Why words are so important when it comes to talking about gender

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In the working-class housing estates of the UK, in the inner-city poor areas of the US, and in the Western suburbs of Sydney, there is little evidence of, or support for, the woke ideology which seems to have gripped much of the leadership of Western society in the 21st Century.

It was recently reported that 27% of Harvard students identified as LGBTQI+. And it was a private school in England where a baroness addressing the students resulted in the bullying and hounding out of a girl who dared to suggest that biological sex might matter!

One day someone will write a PhD on why it is that the elites have become so inebriated on this extremist ideology. When they do so, they should examine the historical documents surrounding the hysteria in Whitehall and the central echelons of the Civil Service in the UK. In an astonishing report in The Telegraph, whistleblowers have revealed just how ingrained this ideology has become. One can only imagine the fun that the writers of Yes Minister would have had with this - 'Sir Humphrey and the 100- genders of Whitehall' would make quite an episode.

The only problem is that this is reality, not satire. According to The Telegraph investigation, Civil Service bosses have told their staff that there are more than 100 recognised genders – including transgender, transsexual, non-binary, gender fluid, genderqueer, gender variant, cross-dresser, genderless, third gender or bigender, intersex, omnigender, pangender, two spirit, gender outlaw, demigender, gendervoid and graygender.

What does this matter? Is it not just words? Not according to one civil servant who said that he was only promoted after wearing a 'non-binary' lanyard. Another was told that they were expected to spend 20% of their 'corporate objective' time working within 'corporate identity networks' aimed at building an 'inclusive' civil service. The problem of course is that 'inclusive' does not include people who are Christian (or indeed other religions) or any who dare to disagree with progressive dogmas.

While civil servants tell of being ordered to celebrate the Transgender Day of Remembrance and Bisexuality Visibility Day, I am fairly certain that no such days of remembrance have been held for the tens of thousands of Christians martyred every year.

In September, Department of Health and Social Care employees were informed about an event celebrating 'World Afro Day' where the panel apparently "top officials from across the Government, including an individual from the security services and mandarins from Ofsted, BEIS, MoJ, DfE and others". You would suspect that they might be able to make better use of their time and our money.

One Treasury official testified that at his appraisal he was asked what pronouns should be used for him. Civil Service HR guidelines even suggest that people can change their identity (and pronouns) any time they want.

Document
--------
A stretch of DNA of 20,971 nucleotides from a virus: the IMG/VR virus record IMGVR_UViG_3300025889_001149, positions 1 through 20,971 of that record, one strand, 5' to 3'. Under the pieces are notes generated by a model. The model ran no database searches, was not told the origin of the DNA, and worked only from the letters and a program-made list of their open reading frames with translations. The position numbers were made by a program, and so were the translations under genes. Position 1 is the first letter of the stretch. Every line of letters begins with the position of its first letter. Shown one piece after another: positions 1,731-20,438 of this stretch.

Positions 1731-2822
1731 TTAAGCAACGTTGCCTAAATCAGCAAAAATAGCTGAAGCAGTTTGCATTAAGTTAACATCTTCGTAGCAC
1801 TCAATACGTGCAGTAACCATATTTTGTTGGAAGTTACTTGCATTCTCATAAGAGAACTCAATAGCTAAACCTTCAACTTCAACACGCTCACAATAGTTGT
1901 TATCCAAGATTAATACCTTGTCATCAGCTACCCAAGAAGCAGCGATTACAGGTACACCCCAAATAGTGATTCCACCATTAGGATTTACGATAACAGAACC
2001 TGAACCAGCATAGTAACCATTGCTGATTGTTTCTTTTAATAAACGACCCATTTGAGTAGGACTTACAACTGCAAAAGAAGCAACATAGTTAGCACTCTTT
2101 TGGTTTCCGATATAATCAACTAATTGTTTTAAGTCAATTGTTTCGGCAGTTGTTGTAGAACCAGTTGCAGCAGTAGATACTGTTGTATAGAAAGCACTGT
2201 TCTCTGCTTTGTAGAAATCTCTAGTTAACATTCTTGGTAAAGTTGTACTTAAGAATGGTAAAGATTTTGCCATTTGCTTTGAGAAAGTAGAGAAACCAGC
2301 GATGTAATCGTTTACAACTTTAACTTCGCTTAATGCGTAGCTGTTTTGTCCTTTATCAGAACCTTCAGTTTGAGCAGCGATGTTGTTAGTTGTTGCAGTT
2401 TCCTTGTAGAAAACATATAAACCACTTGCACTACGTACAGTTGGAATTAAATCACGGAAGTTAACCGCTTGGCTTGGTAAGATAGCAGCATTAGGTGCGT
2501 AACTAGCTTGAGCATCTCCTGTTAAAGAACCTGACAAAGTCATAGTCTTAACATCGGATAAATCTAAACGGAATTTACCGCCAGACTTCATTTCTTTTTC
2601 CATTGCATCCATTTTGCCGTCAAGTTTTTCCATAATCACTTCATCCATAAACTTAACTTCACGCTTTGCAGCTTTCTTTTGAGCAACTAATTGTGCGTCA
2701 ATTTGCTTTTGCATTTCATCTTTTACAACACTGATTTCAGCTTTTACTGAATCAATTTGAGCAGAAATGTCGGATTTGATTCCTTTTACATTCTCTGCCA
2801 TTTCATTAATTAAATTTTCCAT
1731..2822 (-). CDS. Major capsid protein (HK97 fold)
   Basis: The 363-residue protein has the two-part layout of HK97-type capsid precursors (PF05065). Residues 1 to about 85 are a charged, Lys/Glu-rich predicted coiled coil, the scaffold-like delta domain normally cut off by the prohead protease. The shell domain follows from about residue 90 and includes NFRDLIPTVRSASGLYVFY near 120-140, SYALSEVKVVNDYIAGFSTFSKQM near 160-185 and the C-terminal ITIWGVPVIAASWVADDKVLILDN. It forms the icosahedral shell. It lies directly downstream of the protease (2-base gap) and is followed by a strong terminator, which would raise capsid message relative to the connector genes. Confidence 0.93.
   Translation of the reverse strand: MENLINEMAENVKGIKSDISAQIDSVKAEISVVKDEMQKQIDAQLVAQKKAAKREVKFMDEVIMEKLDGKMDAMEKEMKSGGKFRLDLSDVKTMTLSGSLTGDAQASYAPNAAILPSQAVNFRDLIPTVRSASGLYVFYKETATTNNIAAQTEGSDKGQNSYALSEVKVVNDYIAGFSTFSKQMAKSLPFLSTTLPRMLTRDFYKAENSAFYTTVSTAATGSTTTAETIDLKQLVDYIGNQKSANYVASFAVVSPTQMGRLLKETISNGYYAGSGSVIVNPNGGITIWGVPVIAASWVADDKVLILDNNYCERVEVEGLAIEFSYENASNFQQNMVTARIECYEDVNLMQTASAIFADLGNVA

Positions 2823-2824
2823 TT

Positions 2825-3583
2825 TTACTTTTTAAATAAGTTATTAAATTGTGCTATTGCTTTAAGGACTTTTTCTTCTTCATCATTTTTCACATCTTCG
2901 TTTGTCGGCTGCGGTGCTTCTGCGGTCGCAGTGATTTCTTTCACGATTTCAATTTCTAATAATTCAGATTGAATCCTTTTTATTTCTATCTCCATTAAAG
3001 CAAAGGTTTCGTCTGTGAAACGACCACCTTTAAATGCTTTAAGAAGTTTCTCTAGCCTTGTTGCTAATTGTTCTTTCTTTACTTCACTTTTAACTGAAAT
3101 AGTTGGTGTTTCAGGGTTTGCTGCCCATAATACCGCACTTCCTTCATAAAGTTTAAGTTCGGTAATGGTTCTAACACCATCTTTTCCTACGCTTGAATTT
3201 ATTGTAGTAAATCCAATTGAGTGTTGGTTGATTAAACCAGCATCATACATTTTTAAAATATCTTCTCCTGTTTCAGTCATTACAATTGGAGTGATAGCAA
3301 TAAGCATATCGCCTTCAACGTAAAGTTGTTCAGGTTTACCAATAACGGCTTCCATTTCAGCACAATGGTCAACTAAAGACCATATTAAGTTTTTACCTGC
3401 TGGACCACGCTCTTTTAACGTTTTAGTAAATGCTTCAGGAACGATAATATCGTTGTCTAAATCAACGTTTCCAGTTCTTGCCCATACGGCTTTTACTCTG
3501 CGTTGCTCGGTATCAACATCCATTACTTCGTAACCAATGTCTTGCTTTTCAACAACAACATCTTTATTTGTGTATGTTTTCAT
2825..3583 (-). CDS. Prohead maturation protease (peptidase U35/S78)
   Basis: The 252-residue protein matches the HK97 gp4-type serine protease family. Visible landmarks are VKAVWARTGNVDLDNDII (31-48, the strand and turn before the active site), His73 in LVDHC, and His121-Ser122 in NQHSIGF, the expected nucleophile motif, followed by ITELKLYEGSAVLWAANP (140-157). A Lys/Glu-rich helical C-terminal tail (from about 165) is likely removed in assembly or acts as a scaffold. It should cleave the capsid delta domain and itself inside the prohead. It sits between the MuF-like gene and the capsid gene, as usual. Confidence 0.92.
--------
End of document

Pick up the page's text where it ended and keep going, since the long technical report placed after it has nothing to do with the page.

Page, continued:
It reminds me of the story I heard of a man who identified as a woman on Wednesdays so that he could become the Labour parties' women's representative - he did. Apparently, this is now the rule in Whitehall.

The Telegraph report further claims that in July 2020, officials were instructed not to use gendered language such as 'mother', 'father', 'his' and 'ladies and gentlemen'. I would say that all of this is crazy, but apparently that too is a word that the Whitehall mandarins want to ban.

The result of all this is that language is destroyed – and this from people whose work is all about language - and that an atmosphere of fear and intimidation is introduced into the workplace. You can be sure that this insanity will permeate to the corporations, universities, schools and other public bodies.

It is doubtful that the Church will escape this virus. The Church of Scotland, for example, is supporting the Scottish Government's Gender Recognition Act. The PCUSA (Presbyterian Church USA) has announced a new project called 'Queering the Bible' which is a 16-part study (rewriting?) of the Gospel of Mark for Queer folk.

Why does it matter? Because we are beings made in the image of the God who communicates through words. How we use words, as those who follow the Word, is important. When language was confused at the tower of Babel, it led to destruction and scattering. Our world is becoming a deeply confused world, a dangerous world where words have no meaning and life becomes meaningless.

The book of Ecclesiastes is a great description of, and antidote for, today's wokery. In chapter 12, Solomon tells us, "Of making many books there is no end, and much study wearies the body. Now all has been heard; here is the conclusion of the matter: Fear God and keep his commandments, for this is the duty of all mankind. For God will bring every deed into judgment, including every hidden thing, whether it is good or evil" (Ecclesiastes 12: 12-14).

Instead of fearing using the wrong pronouns in front or our boss, might it not be better for us all to go back to fearing the Lord – which is the beginning of wisdom. Perhaps if our civil servants sought wisdom rather than wokery we might be governed better?

David Robertson runs The ASK Project in Sydney, Australia. He blogs at the Wee Flea.